Back in August I published Blog Post titled “When you’re working you’re working”. In it I referred to the culture that pervades so many work places, where ‘busyness’ and ‘being present’ appear to be markers of workplace engagement over and above actual outputs. Whilst the world, and the working world, appears to still be working through a phase of adjusting to the information age there seems to be a lack of certainty about what the markers of effectiveness and/or success actually look like. As we know nature abhors a vacuum, and in the absence of certainty dubious information is taken as fact. Anyone who doubts this need only look at the British referendum campaign of 2016.
Of course the consequences of this can be quite dramatic for people, in a negative way. Can it really be a coincidence that Health and Wellbeing is one of the top phrases workplaces across the full range of contexts. The University sector is no exception to this. Here at Leicester there is a current emphasis on Health & Wellbeing programs for staff and students. As ever, it is worth considering the causes of this situation, after all most of the focus tends to be placed on the consequences and dealing with them.
Reading a recent article In Psychology Today, provided reminder of three important tenets:
1. There’s no “success” without mental health.
What is the point of position, money or any of the other markers of success, if the person is fundamentally unhappy. So you want to impact the world? Great! Who will benefit from the work you do? In what way? How lasting will the impact be? If you have good answers for those questions then the chances are you are in a good place with regard to the above questions. However, I repeat the above statement – if you have good answers…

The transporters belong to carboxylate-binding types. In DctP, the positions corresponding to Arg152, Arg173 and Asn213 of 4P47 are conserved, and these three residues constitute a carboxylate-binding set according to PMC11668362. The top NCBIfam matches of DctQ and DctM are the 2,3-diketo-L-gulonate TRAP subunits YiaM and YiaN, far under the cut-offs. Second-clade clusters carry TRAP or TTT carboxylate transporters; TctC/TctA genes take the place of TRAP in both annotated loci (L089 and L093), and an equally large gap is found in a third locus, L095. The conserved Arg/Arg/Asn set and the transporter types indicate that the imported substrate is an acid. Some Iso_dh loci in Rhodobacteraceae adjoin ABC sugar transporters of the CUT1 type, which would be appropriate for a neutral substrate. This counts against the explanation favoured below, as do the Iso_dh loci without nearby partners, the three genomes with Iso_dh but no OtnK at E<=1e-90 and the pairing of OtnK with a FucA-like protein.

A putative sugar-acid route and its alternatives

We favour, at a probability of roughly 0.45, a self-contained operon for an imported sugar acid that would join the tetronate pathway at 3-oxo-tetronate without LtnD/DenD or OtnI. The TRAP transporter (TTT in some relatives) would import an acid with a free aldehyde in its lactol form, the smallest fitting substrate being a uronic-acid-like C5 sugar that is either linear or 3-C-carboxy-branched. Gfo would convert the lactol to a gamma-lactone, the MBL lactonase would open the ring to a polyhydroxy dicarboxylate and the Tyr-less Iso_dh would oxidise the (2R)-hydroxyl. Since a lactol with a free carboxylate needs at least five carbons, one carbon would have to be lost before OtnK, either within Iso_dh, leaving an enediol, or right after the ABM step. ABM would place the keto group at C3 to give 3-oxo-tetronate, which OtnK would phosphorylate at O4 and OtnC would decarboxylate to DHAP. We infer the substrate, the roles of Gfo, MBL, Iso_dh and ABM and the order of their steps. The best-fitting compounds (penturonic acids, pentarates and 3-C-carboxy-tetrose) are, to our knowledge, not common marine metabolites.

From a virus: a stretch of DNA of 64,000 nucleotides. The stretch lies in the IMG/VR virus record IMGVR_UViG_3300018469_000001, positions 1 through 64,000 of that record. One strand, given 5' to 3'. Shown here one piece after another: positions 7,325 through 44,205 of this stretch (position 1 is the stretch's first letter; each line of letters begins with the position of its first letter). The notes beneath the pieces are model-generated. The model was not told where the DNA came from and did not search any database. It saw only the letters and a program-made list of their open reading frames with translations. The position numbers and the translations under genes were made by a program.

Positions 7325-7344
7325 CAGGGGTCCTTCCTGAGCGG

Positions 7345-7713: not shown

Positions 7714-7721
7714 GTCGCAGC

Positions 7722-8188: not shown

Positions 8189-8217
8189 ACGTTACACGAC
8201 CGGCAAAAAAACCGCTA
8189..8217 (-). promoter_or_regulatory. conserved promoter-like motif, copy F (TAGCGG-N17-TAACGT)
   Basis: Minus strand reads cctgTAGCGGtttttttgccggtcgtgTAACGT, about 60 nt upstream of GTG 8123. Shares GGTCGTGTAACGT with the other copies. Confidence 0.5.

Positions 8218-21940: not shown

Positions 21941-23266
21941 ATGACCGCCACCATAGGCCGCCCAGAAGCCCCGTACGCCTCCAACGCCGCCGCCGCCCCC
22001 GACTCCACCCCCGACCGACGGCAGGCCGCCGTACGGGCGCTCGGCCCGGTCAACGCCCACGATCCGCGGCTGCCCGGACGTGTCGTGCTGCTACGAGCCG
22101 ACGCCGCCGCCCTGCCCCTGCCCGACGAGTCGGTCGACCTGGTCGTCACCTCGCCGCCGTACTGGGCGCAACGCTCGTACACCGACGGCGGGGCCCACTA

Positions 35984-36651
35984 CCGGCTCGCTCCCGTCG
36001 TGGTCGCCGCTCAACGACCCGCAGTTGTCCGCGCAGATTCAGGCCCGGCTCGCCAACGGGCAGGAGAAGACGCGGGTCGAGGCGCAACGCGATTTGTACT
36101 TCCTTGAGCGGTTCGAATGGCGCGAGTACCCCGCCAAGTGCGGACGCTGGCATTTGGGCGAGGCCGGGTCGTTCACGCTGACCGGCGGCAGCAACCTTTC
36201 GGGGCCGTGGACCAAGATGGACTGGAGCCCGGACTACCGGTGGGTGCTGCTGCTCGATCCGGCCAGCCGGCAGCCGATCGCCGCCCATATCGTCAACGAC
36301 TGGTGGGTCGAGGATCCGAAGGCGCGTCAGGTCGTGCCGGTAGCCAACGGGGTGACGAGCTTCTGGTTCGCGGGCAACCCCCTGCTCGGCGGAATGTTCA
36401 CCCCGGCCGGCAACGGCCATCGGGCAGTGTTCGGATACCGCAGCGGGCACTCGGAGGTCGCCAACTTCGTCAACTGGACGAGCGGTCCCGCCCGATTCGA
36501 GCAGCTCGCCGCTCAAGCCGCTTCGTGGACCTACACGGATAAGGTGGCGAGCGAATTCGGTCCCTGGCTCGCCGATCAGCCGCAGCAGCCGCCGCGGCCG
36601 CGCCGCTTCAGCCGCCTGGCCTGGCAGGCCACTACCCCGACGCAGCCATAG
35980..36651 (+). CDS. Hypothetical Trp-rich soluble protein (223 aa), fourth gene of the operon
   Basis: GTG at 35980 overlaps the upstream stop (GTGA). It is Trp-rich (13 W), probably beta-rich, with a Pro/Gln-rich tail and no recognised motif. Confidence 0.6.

On my office wall I have a quote from Jet le “You are killing yourself for a job that would replace you within a week if you dropped dead”. Make sure this is not true of you.
2. You’re more likely to do well and stay well when you set boundaries.
One of the benefits of the information age is that we can access our work and our communications in the office, in the car, on the train, in the kitchen, in your bedroom, in your living room…see where I am going with this? Just because you can does not mean you should. It is each person’s choice what boundaries you set as to when and where you can access your work and communications. Your choice because it is your life.
3. Reimagine your legacy.
Here I am just going to quote from the Psychology Today article, because I think this says it all:
“No one is going to stand up at your funeral and talk about how quickly you answered your emails or how stacked your LinkedIn profile was”.
Your choice because it is your life.